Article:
Today was a first, we actually had two service people come out–first one, you know this…a technician (can’t do anything). But then a second one showed up (guess the first one did call it in, thanks dude!), second one was a “troubleshooting technician”. He had a little bucket truck, but not the big ones that can stretch the lines. He said he thought it was weird all the comments about needing a bucket truck (odd that my story gets written down somehow, and they still can’t fix it), but added to the story–he thought he was looking at the line from the barn to the pole (WHAT? we don’t have a phone line going to the barn??) so he couldn’t fix anything either. Verizon really looks like a bunch of dopes. Wasting everyone’s time–are they gov’t employees or something??! Just a big circus. And I’m too tired to tell you about how their attempts to get us on FIOS fit into all this. Another time? luckily for you, dear reader, probably not!
So far, it’s been 2.5 weeks since I called about raising the line. It’s actually gotten lower now at 6.5 feet (I can touch it with my hands, and i’m not that tall, than it was when we initially called about it several years back. We’ll have to see what happens, but until then the paddock is not usable. It’s a safety issue, and it really needs to be addressed. Hard to believe we got over 13 feet clearance back in the day. I hope they’ll fix it all back up.
Filed under: chickens, climate change, farm, food issues, meat, preparedness, utilities | Tags: cafo, chicken, climate change, poultry, ventilation
Have you hugged your power plant today?
I just can’t stop thinking about a story I heard a few weeks back. 50,000 chickens/4300 turkeys die in separate cases of power outages (one in NC and one in Kansas). Get this, 50,000 chickens died after the power was out for 45 minutes. Less than an hour. 45 minutes between life and death. How horrifying. And it took the folks 26 hours to bury all those turkeys.
Apparently our food system is just this fragile. The birds are jammed in there, it’s hot and needs ventilation even if it’s not 100 degrees outside. A quick google search shows that this is not an isolated incident.
And Meat & Poultry report that nearly 100,000 broilers have been reported lost to the heat wave in July. In the northern areas, barns don’t have great ventilation systems. Some grow sheds have 20,000 birds in them!
So while some of the farms have back up generators to power the fans, any interruption of the power supply can lead to major losses. Hard to believe that less than an hour is all is takes to do it.
I’ve been thinking a lot about climate change, and while plans suggest that cows will produce less milk in climate change models, I didn’t connect the dots to see that for factory farms, there will be a much increased reliance on a stable power supply. Spooky side effects of factory farming people! Spooky. And really, just a big waste for a pile of unnoticed, unmemorable, tasteless drug-laden, protein nuggets.
Filed under: chickens, food issues, grocery stores, knuckles, spanky, utilities | Tags: chickens, pittsburgh, portlandia, roosters, salt of the earth, sexing, whole foods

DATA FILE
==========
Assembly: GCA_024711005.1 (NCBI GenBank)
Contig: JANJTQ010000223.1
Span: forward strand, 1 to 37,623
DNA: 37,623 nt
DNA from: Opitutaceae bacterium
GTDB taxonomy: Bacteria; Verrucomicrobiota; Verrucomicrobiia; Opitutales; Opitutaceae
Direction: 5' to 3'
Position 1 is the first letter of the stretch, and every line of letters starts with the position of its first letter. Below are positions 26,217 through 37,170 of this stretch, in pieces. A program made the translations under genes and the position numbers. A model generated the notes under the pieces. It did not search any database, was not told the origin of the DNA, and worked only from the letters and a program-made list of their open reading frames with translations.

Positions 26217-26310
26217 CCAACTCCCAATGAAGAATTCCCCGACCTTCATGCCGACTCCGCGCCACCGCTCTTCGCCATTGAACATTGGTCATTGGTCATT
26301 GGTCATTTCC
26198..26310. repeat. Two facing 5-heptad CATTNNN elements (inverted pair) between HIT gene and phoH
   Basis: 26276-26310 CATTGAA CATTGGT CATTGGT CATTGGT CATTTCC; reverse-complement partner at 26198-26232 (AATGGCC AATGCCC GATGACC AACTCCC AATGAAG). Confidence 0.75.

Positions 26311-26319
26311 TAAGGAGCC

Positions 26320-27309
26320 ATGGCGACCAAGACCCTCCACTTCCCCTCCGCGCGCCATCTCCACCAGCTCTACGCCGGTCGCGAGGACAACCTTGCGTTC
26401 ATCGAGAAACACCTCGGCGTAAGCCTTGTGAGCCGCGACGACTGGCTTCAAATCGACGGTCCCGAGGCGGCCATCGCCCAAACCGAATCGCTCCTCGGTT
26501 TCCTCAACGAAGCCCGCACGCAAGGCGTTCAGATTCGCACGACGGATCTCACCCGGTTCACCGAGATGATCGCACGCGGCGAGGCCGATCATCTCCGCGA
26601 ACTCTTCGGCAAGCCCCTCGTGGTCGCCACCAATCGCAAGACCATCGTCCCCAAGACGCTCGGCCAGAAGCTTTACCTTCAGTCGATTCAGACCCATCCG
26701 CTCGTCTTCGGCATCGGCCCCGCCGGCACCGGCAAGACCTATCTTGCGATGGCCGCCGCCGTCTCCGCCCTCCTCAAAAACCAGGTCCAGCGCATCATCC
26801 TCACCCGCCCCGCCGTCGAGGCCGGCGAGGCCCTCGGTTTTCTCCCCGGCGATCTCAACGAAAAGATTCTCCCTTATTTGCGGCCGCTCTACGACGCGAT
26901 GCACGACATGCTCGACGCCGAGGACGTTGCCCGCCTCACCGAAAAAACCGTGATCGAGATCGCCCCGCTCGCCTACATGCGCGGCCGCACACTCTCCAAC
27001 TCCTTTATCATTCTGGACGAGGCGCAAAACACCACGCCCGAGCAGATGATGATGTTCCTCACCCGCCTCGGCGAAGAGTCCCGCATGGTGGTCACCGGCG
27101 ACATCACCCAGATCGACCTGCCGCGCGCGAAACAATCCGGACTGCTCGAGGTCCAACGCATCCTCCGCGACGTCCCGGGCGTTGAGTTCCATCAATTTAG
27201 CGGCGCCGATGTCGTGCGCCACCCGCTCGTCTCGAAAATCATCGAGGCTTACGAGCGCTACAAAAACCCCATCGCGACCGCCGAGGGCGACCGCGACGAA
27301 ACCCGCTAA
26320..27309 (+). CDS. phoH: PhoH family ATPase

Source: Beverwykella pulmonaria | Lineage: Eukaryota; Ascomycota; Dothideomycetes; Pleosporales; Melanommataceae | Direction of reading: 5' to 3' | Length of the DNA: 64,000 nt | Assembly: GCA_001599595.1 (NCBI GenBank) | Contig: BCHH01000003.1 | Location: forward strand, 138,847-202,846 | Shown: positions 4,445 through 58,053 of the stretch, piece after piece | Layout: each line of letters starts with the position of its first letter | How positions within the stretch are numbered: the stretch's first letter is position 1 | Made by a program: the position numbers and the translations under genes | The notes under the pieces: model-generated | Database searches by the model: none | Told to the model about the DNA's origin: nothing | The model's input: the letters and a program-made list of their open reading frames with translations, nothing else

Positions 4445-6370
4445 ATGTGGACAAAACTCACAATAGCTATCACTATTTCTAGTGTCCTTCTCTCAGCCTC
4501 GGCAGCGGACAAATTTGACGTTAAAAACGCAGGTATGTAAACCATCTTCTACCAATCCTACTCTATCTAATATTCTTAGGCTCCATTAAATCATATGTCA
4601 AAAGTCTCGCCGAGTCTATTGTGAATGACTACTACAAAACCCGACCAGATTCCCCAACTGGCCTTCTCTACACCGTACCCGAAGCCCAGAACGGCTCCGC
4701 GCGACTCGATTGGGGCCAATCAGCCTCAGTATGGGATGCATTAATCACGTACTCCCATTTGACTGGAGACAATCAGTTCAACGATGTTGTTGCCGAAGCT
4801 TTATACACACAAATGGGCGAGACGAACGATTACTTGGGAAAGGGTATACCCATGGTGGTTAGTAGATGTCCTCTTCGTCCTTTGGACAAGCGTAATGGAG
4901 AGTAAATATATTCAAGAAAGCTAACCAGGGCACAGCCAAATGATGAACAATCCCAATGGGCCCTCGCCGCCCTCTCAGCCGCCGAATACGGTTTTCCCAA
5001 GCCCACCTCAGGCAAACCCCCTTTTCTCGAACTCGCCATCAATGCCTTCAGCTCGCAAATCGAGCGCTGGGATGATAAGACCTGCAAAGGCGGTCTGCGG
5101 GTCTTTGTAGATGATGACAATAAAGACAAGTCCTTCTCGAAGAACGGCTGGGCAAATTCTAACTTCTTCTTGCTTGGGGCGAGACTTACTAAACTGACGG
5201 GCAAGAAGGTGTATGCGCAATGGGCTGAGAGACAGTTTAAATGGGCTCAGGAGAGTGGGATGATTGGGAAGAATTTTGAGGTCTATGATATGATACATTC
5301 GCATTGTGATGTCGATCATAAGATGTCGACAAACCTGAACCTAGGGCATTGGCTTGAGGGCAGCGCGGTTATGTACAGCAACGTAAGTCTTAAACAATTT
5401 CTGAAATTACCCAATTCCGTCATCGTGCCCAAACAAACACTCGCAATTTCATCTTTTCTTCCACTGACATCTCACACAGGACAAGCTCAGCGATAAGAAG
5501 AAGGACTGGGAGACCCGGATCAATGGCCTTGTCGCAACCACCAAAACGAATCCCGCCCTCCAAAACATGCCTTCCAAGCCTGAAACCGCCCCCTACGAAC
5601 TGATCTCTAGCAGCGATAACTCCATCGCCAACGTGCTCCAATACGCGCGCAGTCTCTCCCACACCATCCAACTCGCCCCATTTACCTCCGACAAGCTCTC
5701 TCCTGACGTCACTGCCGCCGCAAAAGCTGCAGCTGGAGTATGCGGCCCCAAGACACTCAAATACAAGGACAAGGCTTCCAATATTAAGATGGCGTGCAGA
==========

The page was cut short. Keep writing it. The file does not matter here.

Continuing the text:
Sometimes you have a day of strangeness at the acres.
Yesterday was that day. Spent the morning with the plumber. He’s a nice guy, and he loves chickens. He has 25 of his own. Correction: He started with 25. Now he has 10. On a one acre lot. He talked about losing them in traffic, losing them to hawks, losing 5 to the 2 jack russell terriers next door, losing them to rooster attacks. Ugh not pretty. Then he was talking about how he wound up with 5 roosters. Warning–if a lady at a farm show is selling straight run and you want pullets–do not buy!! Especially when she says, hey i’m really good at sexing chicks. She used a a key and a thread, he said. I’m thinking huh? about all the ways you might use those things to sex a chick, and then he says, yeah the males will run over to the shiny object. OMG!! Yep he bought it, and wound up with 5 roosters, who later terrorized his kids, jumped on the back of his neighbor, attacked each other, ugh, terrible.
So he has to kill them. No one wants them. He tries. But no one wants them. They’re 2 year old roosters. And they’re mean. So he dispatches them with a hatchet, and then has his wife cook them up. He said it was so traumatic (and this from a guy who gets most of his protein from deer that he bow hunts and dresses himself??!) that he will never forget it.
Ugh. That’s for real man.
So…on to dinner. Or, the unreal! We have a work dinner with an out of town guest and we go to a fancy new place called Salt. Except that it’s NA/CL, you know. And that really sets us up. This is one of these places with lots of the latest ingredients and techniques going on. Foams, home preserved weird things, no substitutions on the menu. No tea on the menu, because they can’t get local tea, no decaf coffee on the “coffee programme” but the coffee (tasmanian peaberry in a french press) is locally roasted so that’s ok. Anyhow, lots of stories about lots of ingredients. Peach shrub? Apparently a shrub is not a bush but an old method of preserving fruit and vinegar to make into a soda syrup (this one was unripe georgia peaches). On and on it goes. These waiters earn their keep for sure. And then the mains menu features cockscomb. Guy next to me says, what’s cockscomb? I say well you know there’s a flower called cockscomb, but that’s not what they’re serving. It’s you know, the floppy thing on a chicken’s head!!! Ohhhhh. The waitress informs us, yes that’s what it is, we cook it for three days!! Oh, you’d have to, says me. Sheesh. I think someone ordered it. It came on a rectangular plate as a row of jewel like pink slabs. I believe all the offending pointy bits had been cut off.